Ocular Rosacea and Dry Eye
Rosacea is a chronic skin condition that affects the face, and of them, more than 50% will experience eye-related symptoms. While there is a lot of research out there on ocular rosacea, a cure remains elusive. Fortunately, your eye doctor can help you manage your symptoms through medication and offer guidance on how to best manage this condition.
What is Ocular Rosacea?
Ocular rosacea is a common inflammatory eye condition that causes redness, itching, and burning sensations around the eyes in many people who have rosacea. The primary parts of the eyes that are affected are the eyelids, conjunctiva, and occasionally the cornea.
What Are the Symptoms of Ocular Rosacea?
Signs and symptoms of ocular rosacea are similar to dry eye. Those with the condition may experience:
- Burning, red, itchy, or watery eyes
- Grittiness or the feeling of having a foreign body in one or both eyes
- Red, swollen eyelids
- Blurred vision
- Sensitivity to light (photophobia)
- Recurrent eye or eyelid infections, such as blepharitis, pink eye (conjunctivitis), chalazia or styes
- Dilated small blood vessels on the sclera (the white part of the eye)
What Causes Ocular Rosacea?
The exact cause of ocular rosacea is unknown, but researchers have found that 85% of people with the condition have blocked oil glands around the edges of their eyelids. When these glands are blocked they cause dryness and the area around them can get irritated and swollen. This can lead to crust in your eyelashes and itching and redness in your eyes.
Other potential triggers:
- Bacterial involvement
- Blocked glands in the eyelids
- Environmental factors
- Eyelash mites
There are also a number of things that can aggravate ocular rosacea, including alcohol consumption, hot baths and saunas, hot or spicy foods and beverages, strenuous exercise, stress, sunlight, wind, and extreme temperatures.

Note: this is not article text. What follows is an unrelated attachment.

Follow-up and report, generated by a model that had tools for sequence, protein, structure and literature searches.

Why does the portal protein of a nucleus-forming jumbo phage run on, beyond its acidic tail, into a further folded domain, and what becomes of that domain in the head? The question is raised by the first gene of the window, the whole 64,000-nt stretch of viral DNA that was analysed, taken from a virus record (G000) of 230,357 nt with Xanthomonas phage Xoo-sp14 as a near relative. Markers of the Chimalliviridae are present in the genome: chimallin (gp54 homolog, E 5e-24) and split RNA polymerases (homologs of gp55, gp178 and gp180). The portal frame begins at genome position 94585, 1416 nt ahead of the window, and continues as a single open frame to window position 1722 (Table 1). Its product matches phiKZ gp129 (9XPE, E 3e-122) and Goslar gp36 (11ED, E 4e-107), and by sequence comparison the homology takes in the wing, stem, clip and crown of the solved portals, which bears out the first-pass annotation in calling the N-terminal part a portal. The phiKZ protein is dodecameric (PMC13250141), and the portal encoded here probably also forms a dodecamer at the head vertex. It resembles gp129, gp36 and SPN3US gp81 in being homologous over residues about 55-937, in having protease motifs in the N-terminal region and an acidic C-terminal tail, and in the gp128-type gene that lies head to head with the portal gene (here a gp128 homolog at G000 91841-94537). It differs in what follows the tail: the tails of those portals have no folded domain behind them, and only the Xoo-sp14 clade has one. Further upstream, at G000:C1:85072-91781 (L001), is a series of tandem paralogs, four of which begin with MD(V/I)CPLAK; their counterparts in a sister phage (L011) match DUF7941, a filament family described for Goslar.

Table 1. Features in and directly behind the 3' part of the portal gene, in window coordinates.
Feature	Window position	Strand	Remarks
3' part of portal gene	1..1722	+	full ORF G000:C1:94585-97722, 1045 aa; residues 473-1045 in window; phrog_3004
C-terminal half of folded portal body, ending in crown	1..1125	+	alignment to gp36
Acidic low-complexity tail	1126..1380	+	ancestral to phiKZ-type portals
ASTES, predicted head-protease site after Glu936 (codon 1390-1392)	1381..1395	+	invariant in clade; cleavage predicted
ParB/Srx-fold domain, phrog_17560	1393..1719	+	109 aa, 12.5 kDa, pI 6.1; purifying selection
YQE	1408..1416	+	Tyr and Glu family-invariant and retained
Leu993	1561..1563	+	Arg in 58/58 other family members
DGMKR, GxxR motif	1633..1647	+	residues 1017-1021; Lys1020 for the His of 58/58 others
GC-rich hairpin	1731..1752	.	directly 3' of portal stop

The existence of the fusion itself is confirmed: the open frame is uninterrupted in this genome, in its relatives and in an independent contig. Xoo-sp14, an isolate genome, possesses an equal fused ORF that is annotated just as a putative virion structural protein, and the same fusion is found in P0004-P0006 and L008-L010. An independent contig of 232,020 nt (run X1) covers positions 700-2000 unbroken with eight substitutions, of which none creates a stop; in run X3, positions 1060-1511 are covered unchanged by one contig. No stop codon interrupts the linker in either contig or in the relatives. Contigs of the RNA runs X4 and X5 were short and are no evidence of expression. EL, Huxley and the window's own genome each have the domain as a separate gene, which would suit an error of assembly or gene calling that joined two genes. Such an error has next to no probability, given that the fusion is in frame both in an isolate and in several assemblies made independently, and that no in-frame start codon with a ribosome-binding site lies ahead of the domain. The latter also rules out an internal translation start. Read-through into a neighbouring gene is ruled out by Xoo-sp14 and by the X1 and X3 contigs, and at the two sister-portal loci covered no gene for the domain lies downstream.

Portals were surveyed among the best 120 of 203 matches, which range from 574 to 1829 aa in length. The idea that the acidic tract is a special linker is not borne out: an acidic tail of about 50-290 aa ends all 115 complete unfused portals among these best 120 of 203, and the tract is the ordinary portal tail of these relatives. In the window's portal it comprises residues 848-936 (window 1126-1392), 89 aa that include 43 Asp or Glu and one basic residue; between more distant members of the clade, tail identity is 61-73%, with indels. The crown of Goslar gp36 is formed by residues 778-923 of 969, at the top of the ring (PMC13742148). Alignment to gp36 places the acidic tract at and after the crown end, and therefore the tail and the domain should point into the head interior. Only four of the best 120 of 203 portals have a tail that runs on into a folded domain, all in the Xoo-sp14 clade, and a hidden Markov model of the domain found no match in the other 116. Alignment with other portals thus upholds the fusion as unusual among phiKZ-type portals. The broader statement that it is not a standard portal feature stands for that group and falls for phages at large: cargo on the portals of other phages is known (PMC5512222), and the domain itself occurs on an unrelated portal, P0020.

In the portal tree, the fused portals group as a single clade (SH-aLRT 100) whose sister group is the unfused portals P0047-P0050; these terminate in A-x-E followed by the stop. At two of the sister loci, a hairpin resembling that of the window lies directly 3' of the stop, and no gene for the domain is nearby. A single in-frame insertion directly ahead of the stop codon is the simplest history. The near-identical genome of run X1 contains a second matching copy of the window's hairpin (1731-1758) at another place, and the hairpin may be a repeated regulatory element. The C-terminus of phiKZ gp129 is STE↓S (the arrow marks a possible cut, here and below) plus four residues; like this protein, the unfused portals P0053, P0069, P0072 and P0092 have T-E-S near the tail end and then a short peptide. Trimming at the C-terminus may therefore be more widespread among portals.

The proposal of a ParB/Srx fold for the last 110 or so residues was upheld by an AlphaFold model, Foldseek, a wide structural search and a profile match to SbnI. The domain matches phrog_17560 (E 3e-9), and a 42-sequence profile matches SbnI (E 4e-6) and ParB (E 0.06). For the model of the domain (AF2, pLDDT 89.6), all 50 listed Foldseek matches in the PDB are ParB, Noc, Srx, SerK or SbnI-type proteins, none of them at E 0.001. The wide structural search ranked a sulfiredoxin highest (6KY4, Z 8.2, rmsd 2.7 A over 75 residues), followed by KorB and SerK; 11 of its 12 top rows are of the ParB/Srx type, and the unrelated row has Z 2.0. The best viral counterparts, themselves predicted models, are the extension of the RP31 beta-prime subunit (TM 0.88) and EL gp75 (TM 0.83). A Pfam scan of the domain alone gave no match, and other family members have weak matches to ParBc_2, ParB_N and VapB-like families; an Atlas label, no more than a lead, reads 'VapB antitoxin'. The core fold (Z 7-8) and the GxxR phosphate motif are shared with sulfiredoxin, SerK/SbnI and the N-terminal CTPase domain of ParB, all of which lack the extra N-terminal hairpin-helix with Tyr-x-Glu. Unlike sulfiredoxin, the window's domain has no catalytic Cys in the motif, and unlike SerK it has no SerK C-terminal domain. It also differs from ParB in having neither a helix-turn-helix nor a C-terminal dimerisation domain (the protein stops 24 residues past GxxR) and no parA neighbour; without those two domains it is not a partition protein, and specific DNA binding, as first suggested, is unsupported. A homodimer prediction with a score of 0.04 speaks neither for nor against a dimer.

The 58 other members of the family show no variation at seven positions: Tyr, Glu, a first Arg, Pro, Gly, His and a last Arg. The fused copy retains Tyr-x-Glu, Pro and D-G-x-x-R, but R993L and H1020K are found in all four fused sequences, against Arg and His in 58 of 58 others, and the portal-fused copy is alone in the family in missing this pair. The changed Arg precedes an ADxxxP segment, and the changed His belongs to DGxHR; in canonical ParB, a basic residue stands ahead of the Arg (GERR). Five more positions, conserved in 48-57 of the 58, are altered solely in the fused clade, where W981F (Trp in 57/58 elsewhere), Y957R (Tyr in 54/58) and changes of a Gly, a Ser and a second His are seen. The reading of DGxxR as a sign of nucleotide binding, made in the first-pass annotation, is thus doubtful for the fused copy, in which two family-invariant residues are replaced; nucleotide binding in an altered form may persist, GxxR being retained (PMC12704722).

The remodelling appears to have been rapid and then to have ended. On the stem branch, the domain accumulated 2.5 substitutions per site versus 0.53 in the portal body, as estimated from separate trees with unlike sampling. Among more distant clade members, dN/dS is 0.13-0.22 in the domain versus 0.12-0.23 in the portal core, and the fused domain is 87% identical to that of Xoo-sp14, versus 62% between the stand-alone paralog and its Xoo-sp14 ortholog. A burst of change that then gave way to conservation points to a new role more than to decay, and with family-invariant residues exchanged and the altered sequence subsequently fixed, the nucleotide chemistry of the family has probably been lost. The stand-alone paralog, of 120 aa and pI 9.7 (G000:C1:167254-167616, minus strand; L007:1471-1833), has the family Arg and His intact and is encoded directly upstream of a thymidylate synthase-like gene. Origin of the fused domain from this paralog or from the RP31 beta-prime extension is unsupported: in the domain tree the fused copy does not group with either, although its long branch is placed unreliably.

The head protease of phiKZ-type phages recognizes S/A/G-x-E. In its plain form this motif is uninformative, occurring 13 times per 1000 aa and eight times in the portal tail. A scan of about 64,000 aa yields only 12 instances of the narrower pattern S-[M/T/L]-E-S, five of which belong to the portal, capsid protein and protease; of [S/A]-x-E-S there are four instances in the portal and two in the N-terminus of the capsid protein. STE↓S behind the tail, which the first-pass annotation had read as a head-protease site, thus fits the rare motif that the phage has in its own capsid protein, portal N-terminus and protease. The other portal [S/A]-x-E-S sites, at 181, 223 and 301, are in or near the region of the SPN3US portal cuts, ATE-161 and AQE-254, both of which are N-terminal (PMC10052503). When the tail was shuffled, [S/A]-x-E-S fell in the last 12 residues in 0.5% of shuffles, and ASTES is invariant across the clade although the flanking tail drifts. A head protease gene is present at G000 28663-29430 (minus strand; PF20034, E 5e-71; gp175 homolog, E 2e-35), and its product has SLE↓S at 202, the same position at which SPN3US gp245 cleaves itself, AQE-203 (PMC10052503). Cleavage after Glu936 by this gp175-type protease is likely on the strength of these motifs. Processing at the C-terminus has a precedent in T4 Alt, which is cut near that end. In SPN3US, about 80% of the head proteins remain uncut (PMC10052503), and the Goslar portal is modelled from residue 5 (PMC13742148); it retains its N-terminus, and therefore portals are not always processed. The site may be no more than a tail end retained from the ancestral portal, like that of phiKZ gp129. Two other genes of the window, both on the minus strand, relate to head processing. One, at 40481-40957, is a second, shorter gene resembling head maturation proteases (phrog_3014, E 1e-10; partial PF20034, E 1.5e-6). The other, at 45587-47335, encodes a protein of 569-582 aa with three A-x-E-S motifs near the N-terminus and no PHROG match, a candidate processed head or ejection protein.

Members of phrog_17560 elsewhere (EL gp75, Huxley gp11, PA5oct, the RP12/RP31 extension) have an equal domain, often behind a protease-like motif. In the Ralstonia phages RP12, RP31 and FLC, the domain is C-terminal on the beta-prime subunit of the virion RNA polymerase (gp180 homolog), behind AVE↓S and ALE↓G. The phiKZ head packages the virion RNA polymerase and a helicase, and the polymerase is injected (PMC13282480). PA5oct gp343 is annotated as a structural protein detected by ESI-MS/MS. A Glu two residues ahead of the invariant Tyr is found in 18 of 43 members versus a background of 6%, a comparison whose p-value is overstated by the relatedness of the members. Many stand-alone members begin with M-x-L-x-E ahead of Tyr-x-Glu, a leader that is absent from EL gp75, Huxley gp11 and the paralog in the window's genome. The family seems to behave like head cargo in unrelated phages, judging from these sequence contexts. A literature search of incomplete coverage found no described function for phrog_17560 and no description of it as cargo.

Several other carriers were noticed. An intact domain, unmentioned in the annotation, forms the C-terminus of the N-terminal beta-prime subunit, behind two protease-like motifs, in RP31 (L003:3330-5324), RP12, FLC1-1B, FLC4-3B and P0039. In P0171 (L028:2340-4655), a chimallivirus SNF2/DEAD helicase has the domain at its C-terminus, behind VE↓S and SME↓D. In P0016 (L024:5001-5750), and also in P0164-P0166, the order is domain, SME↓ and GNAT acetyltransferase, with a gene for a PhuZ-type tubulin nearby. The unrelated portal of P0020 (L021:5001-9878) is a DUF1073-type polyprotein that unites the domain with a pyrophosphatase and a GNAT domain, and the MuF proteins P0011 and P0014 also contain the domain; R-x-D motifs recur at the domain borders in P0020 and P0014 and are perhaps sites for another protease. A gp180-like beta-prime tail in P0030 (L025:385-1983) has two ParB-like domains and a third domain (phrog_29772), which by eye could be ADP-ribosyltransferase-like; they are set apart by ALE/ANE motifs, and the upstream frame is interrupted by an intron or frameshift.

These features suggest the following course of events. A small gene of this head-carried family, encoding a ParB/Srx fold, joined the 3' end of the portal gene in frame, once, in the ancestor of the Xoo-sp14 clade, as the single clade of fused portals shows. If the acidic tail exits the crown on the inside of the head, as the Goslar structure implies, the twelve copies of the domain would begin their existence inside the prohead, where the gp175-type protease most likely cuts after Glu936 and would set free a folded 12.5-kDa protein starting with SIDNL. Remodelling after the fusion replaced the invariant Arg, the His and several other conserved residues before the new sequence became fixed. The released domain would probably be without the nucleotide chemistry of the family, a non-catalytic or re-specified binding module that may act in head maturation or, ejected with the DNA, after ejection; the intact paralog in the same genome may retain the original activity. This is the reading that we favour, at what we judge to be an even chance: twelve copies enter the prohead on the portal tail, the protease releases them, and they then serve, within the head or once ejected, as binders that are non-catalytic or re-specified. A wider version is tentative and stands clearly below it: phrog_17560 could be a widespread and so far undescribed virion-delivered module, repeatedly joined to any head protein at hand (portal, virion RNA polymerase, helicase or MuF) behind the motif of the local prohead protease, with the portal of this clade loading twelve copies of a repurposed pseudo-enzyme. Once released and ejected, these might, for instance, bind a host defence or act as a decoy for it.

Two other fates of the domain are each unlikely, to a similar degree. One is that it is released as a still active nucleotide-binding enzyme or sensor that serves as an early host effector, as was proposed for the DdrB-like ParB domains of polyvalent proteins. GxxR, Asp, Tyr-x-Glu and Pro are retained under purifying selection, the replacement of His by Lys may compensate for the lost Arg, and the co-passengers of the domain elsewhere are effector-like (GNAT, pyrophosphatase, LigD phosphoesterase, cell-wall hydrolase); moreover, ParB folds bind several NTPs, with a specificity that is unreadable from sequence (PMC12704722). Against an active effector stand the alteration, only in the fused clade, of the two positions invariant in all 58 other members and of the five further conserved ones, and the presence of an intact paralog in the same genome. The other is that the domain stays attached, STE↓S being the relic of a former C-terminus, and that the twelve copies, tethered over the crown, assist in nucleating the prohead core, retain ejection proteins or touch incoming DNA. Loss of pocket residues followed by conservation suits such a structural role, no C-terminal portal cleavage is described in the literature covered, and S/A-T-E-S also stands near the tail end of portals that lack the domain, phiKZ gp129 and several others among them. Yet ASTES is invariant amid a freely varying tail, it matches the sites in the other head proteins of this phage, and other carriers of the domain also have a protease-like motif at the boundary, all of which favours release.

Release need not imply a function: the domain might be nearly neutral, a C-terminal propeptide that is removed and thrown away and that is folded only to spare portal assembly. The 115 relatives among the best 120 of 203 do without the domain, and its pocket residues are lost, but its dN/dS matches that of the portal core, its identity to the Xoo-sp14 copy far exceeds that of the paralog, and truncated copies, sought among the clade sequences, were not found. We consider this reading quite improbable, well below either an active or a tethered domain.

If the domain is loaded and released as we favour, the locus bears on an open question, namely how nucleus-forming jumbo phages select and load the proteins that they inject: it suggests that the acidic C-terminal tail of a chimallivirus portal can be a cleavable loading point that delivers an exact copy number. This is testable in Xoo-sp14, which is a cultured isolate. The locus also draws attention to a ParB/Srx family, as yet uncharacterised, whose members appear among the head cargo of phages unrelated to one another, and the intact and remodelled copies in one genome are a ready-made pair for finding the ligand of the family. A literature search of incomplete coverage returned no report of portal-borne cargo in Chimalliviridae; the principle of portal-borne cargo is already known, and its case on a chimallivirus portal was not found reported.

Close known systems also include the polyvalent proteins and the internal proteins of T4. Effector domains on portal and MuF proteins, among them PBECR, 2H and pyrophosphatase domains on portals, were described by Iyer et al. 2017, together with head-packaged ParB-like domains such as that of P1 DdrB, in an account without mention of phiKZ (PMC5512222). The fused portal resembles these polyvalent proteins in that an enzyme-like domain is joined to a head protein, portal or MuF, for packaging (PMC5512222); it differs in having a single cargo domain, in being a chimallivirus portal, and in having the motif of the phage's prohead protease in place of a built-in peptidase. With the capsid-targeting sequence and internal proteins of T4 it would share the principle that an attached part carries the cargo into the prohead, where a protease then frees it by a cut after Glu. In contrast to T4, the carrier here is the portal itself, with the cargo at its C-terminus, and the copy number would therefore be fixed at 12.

Is There Treatment For Ocular Rosacea?
Ocular rosacea can usually be controlled with home eye care and medication, but these don’t actually cure the condition.
Treatment may include applying a warm moist compress to your eyelids and probing—a newer treatment where thin rods are put into the plugged glands to open them up, helping your eyes moisten. Your eye doctor might recommend antibiotics, prescribe eye drops, or ointments with steroids to help with your symptoms.
In rare circumstances, left untreated, severe ocular rosacea can damage your cornea or scar your eyelid. Both can affect your vision.
To help prevent flare-ups:
- Gently wash your eyelids at least twice a day with warm water or a product your doctor recommends. This will keep your eyelids clean.
- Avoid makeup. If your eyes are inflamed, makeup can irritate them. If you do decide to wear makeup when they aren’t inflamed, choose types that are non-oily and free of fragrance.
- Avoid wearing contact lenses during flare-ups.
- Avoid things that trigger or worsen your ocular rosacea. Items that tend to dilate blood vessels in the face include alcoholic beverages and hot, spicy foods.
To learn more about ocular rosacea and dry eye, contact Dry Eye Center at Issaquah Eyeworks. We can help you prevent flare-ups and treat your ocular rosacea-induced dry eye.
Dry Eye Center at Issaquah Eyeworks serves patients from Issaquah, Seattle, Renton, and Redmond, all throughout Washington